Again, his fever spiked up and this time it was over 40°C!! Panic mode jumped in and being a weekend, our usual ped is closed, hence a regular GP was all we could consult. The GP mentioned that Zack’s throat was very inflammed, instructed us to immediately start Zack on Augmentin, a brand of antibiotics which is commonly prescribed to children and adults alike. I take Augmentin too, so I knew it was an effective antibiotics. We had some qualms about giving Zack antibiotics but we trusted the GP and gave it to him anyway. Giving meds to Zack was another challenge—we literally had to pin him down and restrain him to get him to eat the meds. So heart-breaking to see the little one struggling at every feed.
Two days after the antibiotics, a rash broke out on his chest, back and stomach and again we panicked, we brought him to see our usual ped who then diagnosed it as Roseola (in chinese refered to as fake measles). She also said that the fever will not come back anymore and we were to expect the rash to disappear in a couple of days. Our ped also told us to chuck the Augmentin, as Roseola is a virus and not a bacterial infection, hence the antibiotics is not required.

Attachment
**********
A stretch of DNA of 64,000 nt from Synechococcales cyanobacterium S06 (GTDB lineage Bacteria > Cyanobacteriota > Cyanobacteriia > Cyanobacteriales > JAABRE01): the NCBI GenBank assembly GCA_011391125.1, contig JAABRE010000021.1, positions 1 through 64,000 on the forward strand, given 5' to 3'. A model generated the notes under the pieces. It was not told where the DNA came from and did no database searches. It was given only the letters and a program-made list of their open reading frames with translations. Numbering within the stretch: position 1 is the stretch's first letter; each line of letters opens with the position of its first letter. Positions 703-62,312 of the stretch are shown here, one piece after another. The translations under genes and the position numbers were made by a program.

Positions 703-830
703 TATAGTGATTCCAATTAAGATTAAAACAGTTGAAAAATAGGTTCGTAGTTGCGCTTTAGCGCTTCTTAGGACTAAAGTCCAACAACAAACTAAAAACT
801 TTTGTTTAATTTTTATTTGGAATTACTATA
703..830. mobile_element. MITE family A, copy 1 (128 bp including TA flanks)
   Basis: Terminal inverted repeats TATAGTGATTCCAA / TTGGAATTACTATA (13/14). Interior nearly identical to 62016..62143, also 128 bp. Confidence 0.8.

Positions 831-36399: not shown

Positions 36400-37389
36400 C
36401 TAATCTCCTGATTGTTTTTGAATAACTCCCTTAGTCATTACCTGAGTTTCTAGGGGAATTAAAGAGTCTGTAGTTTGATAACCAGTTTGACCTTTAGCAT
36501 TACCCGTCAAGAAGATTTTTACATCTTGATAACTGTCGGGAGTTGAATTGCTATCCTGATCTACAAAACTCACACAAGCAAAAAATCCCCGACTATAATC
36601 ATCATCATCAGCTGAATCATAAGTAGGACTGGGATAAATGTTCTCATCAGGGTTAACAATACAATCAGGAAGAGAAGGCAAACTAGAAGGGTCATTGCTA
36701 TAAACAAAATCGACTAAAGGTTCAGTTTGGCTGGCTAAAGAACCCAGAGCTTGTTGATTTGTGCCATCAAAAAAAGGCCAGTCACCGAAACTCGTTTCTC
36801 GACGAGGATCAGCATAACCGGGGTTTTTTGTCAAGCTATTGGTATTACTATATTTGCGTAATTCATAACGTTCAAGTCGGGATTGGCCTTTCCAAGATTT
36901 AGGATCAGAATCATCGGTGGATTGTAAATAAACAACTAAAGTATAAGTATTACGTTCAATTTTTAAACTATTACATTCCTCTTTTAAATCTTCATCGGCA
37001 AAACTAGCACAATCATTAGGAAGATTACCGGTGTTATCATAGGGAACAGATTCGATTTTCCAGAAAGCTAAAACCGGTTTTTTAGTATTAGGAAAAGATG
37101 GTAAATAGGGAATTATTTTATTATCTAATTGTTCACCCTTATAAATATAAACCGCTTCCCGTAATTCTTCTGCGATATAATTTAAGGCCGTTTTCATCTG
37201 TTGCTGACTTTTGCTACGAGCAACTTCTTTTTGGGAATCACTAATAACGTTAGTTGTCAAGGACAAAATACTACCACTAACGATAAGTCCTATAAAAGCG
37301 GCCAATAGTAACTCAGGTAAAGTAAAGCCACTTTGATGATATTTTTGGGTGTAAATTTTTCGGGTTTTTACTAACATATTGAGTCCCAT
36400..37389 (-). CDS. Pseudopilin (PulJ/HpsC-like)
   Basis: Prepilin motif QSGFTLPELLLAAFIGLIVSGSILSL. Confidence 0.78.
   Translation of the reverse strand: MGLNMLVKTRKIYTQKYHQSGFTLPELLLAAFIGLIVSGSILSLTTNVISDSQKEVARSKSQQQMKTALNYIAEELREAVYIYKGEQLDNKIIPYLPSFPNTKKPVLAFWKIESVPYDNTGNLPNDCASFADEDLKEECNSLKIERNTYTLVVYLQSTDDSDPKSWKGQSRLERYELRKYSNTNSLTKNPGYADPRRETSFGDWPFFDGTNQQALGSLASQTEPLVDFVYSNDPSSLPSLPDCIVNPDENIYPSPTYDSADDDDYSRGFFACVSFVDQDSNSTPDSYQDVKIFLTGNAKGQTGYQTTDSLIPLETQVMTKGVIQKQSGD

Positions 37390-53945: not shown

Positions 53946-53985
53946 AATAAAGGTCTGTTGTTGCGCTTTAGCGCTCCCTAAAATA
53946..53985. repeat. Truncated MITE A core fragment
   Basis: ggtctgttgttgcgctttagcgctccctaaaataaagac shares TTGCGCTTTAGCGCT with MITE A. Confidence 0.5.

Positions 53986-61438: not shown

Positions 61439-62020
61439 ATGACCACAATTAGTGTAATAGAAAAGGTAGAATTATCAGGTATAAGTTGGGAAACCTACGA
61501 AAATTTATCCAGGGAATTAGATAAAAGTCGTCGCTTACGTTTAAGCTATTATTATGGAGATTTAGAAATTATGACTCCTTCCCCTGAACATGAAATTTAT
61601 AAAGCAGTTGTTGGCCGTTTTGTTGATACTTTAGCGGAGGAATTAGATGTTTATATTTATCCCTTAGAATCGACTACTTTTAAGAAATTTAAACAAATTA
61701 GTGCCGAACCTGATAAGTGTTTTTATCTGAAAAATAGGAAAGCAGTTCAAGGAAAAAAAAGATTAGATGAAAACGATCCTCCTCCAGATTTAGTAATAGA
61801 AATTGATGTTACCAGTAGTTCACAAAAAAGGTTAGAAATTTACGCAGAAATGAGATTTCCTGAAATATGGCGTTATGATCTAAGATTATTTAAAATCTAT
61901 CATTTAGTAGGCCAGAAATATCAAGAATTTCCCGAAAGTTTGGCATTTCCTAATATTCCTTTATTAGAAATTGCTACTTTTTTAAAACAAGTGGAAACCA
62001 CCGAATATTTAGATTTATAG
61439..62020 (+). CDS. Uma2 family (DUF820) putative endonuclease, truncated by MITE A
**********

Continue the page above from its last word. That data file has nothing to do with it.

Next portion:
The ped was right and sure enough his fever was finally gone, and his rash disappeared but reappeared the next day this time on his arms and legs!!
Now, being a first time parent we just assumed his Roseola attack is probably taking longer than expected. Time passed and it’s been almost 10 days since his fever started, 8 days since has his first dose of Augmentin, 5 days since seeing the ped, 4 days since the rash disappeared and reappeared on the other part of his body.
He was scratching badly, and it didn’t seem like it was Roseola anymore. The rash was raised, reddish pink and was making him really uncomfortable. At one point it covered all of his legs and hands and cheeks!! Off again we saw the ped and *drumroll* it wasn’t Roseola anymore!! We finally found out that Zack is allergic to amoxicillin, a type of penicillin in Augmentin. An allergy to Augmentin apparently only appears 7-10 days after first consuming it!! I am allergic to ampicillin (which is closely related to amoxicillin) as a kid, so it was likely Zack may be allergic to it too. We found out the hard way
Lesson number 3: It’s a fact. Your kid will continue to be exposed to a host of other problems which is new and foreign to you.
Tough. It was so tough on David and I. Not only we were being judged by our own parents (that we suck at parenting), we were also suffering from the lack of sleep and rest in the last 2 weeks! It was so mentally and physically challenging to the point I couldn’t focus at work—I was constantly worried about Zack! The lack of rest made me really cranky too!
I know there’s more to come. I know that there is no way we can outsource parenting just to “have it easy”. I know Zack will always be depending on us to take care of him. I know we can learn from these experiences and grow from it.
So, is life that tough? I would say “a very small part of it, yes. The biggest part of it, no.”
The bigger part of life is just a journey of challenges that we need to confront and overcome as we experience the growing up process. So, hang tough fellow young parents, let’s keep learning and keep growing!